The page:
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Rick Stout
An image from "The New Economic Reality: Demographic Winter"

Fears about overpopulation are common in modern society, but what will happen to a world where fewer and fewer babies are being born?

A new documentary looks at whether the pendulum has swung too far in one direction.

"The New Economic Reality: Demographic Winter," a two-part television documentary that aired on BYUtv on April 14 and has been scheduled for future showings on the network, examines the effects of family and fertility decline.

According to the experts interviewed in this sobering piece, it won't be pretty.

The only real hope, they say, lies in strengthening the family. With fewer babies being born everywhere, there soon won't be enough younger workers to support the elderly. There won't be enough people interested in marriage, children and home purchases, which keep the economy healthy.

And it's even possible that humankind and current cultures could die out.

"What we thought would happen isn't happening," said Harry S. Dent, a financial expert and author of "The Great Depression Ahead." "Everyone has assumed the human population growth would be steady."

Benjamin Franklin predicted it would double every 20 years. It isn't doing that anymore.

According to the documentary, 77.3 million babies were born in the United States in 1946 and 450 million babies were born worldwide. For the past several decades, however, the birth rate in 90 world countries has been falling.

"The Population Bomb," written by Paul R. Ehrlich in 1968, became society's bible and convinced many people that "babies were destroying the planet," the documentary asserts.

At about the same time, health vaccines were introduced and health care improved. Thus, life spans increased.

The fertility rate — or the number of babies born to a woman — dropped from an average of four children per woman to a number experts say is a critical measure, 2.13 per woman. That is classified as a sub-replacement fertility rate.

Latvia already has more deaths than births, and even the United States would shortly be in decline if not for the immigrant population. By 2050, the majority of people in America will be Hispanic. Meanwhile, Mexico which is experiencing a "birth dearth."

Experts quoted in the documentary say people seriously underestimate the repercussions of a birth-rate decline. Most assume it's a good thing, with less traffic and less congestion being the main result.

Gary Becker, a 1992 Nobel Prize winner in economics from the University of Chicago, says a steady population growth goes along with a thriving economy while a population decline accompanies economic depression.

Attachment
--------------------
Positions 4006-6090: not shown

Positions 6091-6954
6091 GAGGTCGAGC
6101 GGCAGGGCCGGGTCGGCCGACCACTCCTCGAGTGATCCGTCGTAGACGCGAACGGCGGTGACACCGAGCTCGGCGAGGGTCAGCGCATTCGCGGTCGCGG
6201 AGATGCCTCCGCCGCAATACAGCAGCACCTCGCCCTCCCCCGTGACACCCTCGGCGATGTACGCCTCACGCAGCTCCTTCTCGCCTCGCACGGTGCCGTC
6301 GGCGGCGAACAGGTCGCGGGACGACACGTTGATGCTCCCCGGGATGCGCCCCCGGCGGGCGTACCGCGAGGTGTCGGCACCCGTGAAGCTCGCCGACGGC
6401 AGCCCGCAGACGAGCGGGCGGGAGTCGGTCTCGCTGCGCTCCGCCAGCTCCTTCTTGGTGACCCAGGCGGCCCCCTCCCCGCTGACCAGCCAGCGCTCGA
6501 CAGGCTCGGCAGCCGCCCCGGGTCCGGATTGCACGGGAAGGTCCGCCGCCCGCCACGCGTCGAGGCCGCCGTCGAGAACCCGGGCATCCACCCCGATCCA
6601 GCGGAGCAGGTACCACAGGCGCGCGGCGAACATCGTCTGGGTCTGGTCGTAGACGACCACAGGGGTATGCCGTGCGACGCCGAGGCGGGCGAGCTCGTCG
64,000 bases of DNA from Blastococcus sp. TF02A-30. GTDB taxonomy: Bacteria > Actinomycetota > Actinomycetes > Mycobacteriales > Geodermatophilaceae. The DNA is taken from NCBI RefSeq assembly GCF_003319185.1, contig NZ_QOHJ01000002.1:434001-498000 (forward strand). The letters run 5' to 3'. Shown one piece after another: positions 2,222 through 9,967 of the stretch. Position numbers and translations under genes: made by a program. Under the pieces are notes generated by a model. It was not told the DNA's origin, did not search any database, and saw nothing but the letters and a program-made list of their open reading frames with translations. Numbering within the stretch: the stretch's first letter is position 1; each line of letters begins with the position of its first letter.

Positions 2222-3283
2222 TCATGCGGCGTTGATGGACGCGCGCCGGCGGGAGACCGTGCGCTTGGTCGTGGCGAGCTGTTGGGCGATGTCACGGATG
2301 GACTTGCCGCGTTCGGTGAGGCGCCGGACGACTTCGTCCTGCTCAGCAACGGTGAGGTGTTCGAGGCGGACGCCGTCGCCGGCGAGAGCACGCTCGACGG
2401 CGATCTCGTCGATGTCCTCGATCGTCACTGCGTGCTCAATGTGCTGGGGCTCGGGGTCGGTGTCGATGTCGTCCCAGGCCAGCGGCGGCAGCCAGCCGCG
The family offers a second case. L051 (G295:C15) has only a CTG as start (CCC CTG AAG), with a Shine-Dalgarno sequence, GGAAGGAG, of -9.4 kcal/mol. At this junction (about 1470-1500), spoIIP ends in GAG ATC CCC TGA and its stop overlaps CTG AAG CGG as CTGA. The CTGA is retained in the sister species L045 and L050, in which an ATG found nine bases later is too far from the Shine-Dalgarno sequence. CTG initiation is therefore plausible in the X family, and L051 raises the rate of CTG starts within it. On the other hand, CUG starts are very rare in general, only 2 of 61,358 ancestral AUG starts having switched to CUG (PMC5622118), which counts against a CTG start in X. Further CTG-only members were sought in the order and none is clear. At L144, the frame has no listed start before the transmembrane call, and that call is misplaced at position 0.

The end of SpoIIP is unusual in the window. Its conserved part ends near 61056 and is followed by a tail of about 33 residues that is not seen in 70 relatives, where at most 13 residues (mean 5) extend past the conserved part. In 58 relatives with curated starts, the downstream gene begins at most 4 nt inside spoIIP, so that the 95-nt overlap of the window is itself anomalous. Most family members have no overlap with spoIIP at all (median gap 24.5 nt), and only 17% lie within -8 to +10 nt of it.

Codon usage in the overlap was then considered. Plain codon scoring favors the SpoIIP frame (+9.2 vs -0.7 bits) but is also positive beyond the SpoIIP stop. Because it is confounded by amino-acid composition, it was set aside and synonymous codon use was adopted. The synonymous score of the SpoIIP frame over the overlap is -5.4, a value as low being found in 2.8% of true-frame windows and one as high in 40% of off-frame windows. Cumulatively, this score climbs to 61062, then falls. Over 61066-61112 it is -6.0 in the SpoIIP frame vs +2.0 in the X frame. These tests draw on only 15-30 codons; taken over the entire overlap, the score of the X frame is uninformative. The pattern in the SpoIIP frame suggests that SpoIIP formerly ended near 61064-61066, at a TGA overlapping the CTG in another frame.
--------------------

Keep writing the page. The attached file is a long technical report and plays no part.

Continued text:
A species not replacing itself is maladapted, says one expert. The world's modern economy requires a steady flow of human capital, people who are educated and able to be productive.

Jennifer R. Morse, president and founder of the Ruth Institute, said that without enough human capital the remaining workers will have to work harder and longer to keep up, especially as educated, experienced Baby Boomers retire and leave the workplace.

"We're putting all of our eggs in one basket, which is to count on getting more from fewer people," she said.

Government programs for the elderly, like Social Security, Medicare and Medicaid, will become more stressed without enough younger, productive workers to pay into them.

Demographers quoted in the documentary say cutting family size will create more loneliness and isolation in the world as fewer people have siblings and aunts, uncles, nieces and nephews.

According to the documentary, five megatrends are contributing to the Demographic Winter scenario, including the women's revolution, prosperity, the sexual revolution, the divorce revolution (particularly the introduction of no-fault divorce laws) and an emphasis on individualism rather than a focus on others.

"Love of self is not consistent with a love of children," says Bruce C. Hafen, former dean of the J. Reuben Clark Law School at BYU and an emeritus LDS general authority.

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Phillip Longman, an American demographer and Schwartz Senior Fellow with the New American Foundation, says men need an incentive to marry and have children. Families generate human capital and provide the basic units of a healthy economy: credibility and trust.

Baby bounties, offered in countries likes Japan, Italy and Russia, are not working to encourage people to have children, but family-friendly policies can and do. Religious beliefs seem to have the most impact on people's decisions regarding children.

"Society needs to turn around and value family more," Becker says. "There is hope so long as we can see families as the foundation."

Sharon Haddock is a professional freelance writer with 30 years experience, 17 of those at the Deseret News. Her personal blog is at sharonhaddock.blogspot.com.

Email: haddoc@desnews.c